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Maybe Bendis and Marvel were trying to sell Ultimate Spider-Man to the Disney Channel with this series? There are like three boys, three girls… it’d be perfect…. right? I can’t see any other reason for the terrible decisions Bendis makes this issue.

Worst is when May meets with the principal and their previous meeting comes up. It was back when Stuart Immonen was on the book and he could draw emotion and conversation. As opposed to Lafuente, who makes it all look like less competent than an ad for Hostess Fruit Cakes.

The big reveal of the issue–in true Superman fashion–is Kitty Pryde’s new superhero identity. It’s worse because she disappears in Kitty style this issue and Peter doesn’t figure it out.

It’d be a shame what Bendis had done to the series, except it’s so bad one can’t even remember the good days after this issue.

CREDITS

The New World According to Peter Parker, Part Six; writer, Brian Michael Bendis; artist, David Lafuente; colorist, Justin Ponsor; letterer, Cory Petit; editors, Sana Amanat, Lauren Sankovitch and Mark Paniccia; publisher, Marvel Comics.

Ultimate Spider-Man 5 (February 2010)

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I don’t get it. Ultimate Spider-Man was supposed to be a realistic, modern retelling of Spider-Man, right? Why has Bendis turned it into a really stupid cartoon? Not just stupid, but really stupid.

He’s reduced May to pleading with Peter for Bobby Drake to live with them, telling Peter “she needs to do this.” She needs to fill her house with refuse from canceled Ultimate books who don’t even get scenes in the comic.

Bendis has even lost his ability to do a fight scene. Lafuente doesn’t help with that one–the Mysterio fight, resolving the previous cliffhanger, is atrociously handled.

There’s nothing redeeming in this issue. Nothing whatsoever. Except maybe Kitty Pryde and only because Bendis actually gives her a real scene.

And Bendis goes overboard with the dialogue to hide his lack of content. Lafuente’s composition’s so bad he just enables Bendis.

It’s terrible, terrible stuff.

CREDITS

The New World According to Peter Parker, Part Five; writer, Brian Michael Bendis; artist, David Lafuente; colorist, Justin Ponsor; letterer, Cory Petit; editors, Sana Amanat, Lauren Sankovitch and Mark Paniccia; publisher, Marvel Comics.

Ultimate Spider-Man 4 (January 2010)

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Hang on, between Lafuente’s style and Peter’s incredibly feminine hair… is Ultimate Spider-Man supposed to be a manga now? I’m also thinking of the awful section where Peter, Johnny, Gwen and Aunt May sit in the kitchen and talk. May’s lines are goofy one-liners for emphasis. Oh, and Peter moves into the attic. Wasn’t that on “Amazing Friends” in the eighties?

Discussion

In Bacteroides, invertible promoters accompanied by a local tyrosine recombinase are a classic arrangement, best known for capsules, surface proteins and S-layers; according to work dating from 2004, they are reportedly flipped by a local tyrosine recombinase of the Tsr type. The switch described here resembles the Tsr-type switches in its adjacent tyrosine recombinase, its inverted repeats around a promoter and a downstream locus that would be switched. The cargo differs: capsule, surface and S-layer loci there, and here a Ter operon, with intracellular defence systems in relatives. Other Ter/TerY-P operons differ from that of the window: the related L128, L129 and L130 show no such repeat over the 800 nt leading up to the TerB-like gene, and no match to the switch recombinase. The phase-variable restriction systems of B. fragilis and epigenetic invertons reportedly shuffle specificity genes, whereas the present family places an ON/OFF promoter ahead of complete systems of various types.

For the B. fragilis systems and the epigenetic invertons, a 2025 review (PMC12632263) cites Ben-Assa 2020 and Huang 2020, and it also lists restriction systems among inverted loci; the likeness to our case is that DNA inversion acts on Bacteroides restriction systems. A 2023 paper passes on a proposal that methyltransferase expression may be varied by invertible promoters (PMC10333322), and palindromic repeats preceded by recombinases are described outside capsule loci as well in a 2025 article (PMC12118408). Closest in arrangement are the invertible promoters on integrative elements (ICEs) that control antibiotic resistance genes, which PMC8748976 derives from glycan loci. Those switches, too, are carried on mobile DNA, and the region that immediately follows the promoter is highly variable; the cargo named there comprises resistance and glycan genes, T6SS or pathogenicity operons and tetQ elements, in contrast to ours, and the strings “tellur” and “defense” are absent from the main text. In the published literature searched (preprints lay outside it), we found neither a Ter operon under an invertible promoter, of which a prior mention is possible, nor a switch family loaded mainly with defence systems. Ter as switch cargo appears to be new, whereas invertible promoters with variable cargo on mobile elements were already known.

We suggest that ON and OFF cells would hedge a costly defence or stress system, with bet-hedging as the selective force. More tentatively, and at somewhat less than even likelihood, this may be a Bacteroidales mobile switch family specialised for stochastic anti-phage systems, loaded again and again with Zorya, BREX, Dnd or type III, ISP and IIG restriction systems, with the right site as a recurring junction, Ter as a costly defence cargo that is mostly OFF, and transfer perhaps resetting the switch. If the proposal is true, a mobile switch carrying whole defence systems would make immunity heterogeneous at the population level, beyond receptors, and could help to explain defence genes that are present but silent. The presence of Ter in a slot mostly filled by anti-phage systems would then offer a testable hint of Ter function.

There are some really lame things in the comic. It opens with Mary Jane getting attacked and the Robe superhero saving her. Lafuente’s action scenes are hideous. Page after page of bad action at the beginning–and then at the end too when Peter’s fighting the Hulk. It feels weird to call him Peter. Bendis doesn’t write him to same anymore.

New Peter.

But there’s a hint of the old goodness when Gwen, Mary Jane and New Peter talk for a little while. It’s not enough though.

CREDITS

The New World According to Peter Parker, Part Four; writer, Brian Michael Bendis; artist, David Lafuente; colorist, Justin Ponsor; letterer, Cory Petit; editors, Sana Amanat, Lauren Sankovitch and Mark Paniccia; publisher, Marvel Comics.

Ultimate Spider-Man 3 (December 2009)

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I think I get it–Bendis is going for the worst superhero cartoon ever. Johnny Storm now lives with Aunt May. Why? Why not.

Peter and Mary Jane talk. Bendis makes Peter the jerk. Even though he doesn’t tell the reader why Mary Jane broke up with Peter–and even though the reader believes Peter didn’t start seeing Gwen right after the break up–the sympathy is with Mary Jane.

Knowing Bendis it’ll be something goofy like she was just too worried about him being Spider-Man and loved him too much and couldn’t be with him. Exactly why Peter broke up with her.

Between Bendis’s unsure writing and Lafuente’s artwork, the comic feels like someone aping the original Ultimate Spider-Man. Not the writer of the original by any stretch of the imagination–even Peter’s narration is off.

Bendis didn’t plan out his six month jump very well.

CREDITS

The New World According to Peter Parker, Part Three; writer, Brian Michael Bendis; artist, David Lafuente; colorist, Justin Ponsor; letterer, Cory Petit; editors, Sana Amanat, Lauren Sankovitch and Mark Paniccia; publisher, Marvel Comics.